Daryl Gregory - Afterparty || A Review

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Original Image: Goodreads

No day in my life has ever been as blessed as the one in which I received Daryl Gregory's "Afterparty". None. You guys, not even the birth of my son (sorry Aximili AgeofUltron Winchester).
Totally real children who are real aside, let's get to it, shall we? ***no spoilers***

Now. I have to advise that you skip reading this and just get straight to the book. It's an infinitely more enjoyable experience if you go in blind and try to figure out what's happening as you proceed, which is what I did. 
As such, and because dictatorship is the best, the synopsis is now at the end of the review. L'chaim!

The Premise: For obvious, spoiler reasons, this cannot be properly expounded on, but, BUT suffice it to say, you will be impressed. Whatever Gregory is on, we want some. In ointment form, because sometimes we have trouble swallowing pills. 

The Setting: The book is set in the near future, which is usually kind of hard to pull off. Gregory crafts an "anything is possible" future which is very much grounded in today's reality; a good balance between so far into the future that we can't relate and too close to today to capture the imagination. The gadgets do the most here by really seeming like something we'll see in the next five or ten years - accessible, but still SCIENCY.

The Realism. Yes, realism. The book does nothing to sugar coat consequences for actions or gloss over/glorify things that are realities, BUT without being grim. The protagonist actually goes to prison for her crimes, you guys. The drug-induced mental issues that seem kinda cool to have and easy to glorify are also looked at through the lens of those affected around the sufferer, keeping it in perspective. Again, none of this feels heavy handed or depressing, just, real.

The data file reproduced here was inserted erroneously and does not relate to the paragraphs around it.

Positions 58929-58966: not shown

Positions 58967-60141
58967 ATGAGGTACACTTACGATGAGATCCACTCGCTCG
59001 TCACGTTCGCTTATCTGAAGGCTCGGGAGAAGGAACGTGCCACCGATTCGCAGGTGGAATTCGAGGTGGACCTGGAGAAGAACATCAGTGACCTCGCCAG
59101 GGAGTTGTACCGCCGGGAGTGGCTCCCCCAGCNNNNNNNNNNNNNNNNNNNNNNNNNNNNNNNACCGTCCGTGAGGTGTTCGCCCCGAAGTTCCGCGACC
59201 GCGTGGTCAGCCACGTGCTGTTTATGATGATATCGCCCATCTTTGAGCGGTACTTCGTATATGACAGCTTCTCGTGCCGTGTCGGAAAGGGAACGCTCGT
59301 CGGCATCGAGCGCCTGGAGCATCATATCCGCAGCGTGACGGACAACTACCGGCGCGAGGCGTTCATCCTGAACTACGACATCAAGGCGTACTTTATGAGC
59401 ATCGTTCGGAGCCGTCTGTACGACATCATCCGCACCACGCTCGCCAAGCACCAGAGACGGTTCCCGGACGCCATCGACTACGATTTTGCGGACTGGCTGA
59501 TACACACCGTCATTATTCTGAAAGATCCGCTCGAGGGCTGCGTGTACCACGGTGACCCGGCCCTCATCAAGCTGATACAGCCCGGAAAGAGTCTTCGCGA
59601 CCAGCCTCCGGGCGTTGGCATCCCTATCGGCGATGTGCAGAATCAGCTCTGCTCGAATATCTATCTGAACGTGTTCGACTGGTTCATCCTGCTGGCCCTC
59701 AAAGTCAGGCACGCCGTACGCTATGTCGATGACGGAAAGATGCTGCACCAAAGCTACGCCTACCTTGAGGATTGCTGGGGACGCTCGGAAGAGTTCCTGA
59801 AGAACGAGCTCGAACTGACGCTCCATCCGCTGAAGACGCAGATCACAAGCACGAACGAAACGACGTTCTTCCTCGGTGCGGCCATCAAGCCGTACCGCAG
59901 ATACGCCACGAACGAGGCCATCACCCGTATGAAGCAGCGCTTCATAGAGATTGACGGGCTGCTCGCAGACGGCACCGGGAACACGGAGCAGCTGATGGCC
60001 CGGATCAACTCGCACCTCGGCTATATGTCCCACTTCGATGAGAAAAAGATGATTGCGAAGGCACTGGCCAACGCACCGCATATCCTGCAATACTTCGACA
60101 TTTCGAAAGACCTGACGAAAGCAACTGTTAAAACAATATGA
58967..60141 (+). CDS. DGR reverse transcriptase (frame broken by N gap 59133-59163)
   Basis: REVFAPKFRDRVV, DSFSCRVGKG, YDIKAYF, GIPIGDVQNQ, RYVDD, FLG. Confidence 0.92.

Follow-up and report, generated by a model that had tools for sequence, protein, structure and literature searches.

The Flawed Characters: Again, it is shamefully easy to veer off into "my flaws make me a cool renegade, aspire to me" territory, but man, does Gregory keep it together. The characters' flaws are well expressed as integral parts of them, organically growing out of their (excellent. seriously, excellent) backstories and not being neatly tied up in a Suddenly Healthy bow at the end. Relatable, real, and about to drag you on the adventure you'll be pretending was your life story on dates for years to come.

Mini buffalo herd. You'll know it when you see it. 

Once you're through with this one, if you want a follow up Daryl Gregory book (and you will) I recommend "We Are All Completely Fine" to ease your withdrawals.

For Monday Like A Sir, this has been Evey G. Fair thee well. 


The Promised Synopsis

If you chose to read the synopsis anyway, you little rebel you, the book begins with a teen runaway introduced to a new smart drug named "Numinous". When the effects - basically experiencing your own personal God- wear off, the emptiness overwhelms her and she kills herself inside the mental institution where she was being held. Another resident of the centre, scientist Lyda Rose, quickly figures out that the teen was on said drug- one that Lyda helped to create and fell victim to. Now, she must work to track down her co-creators and right past wrongs...


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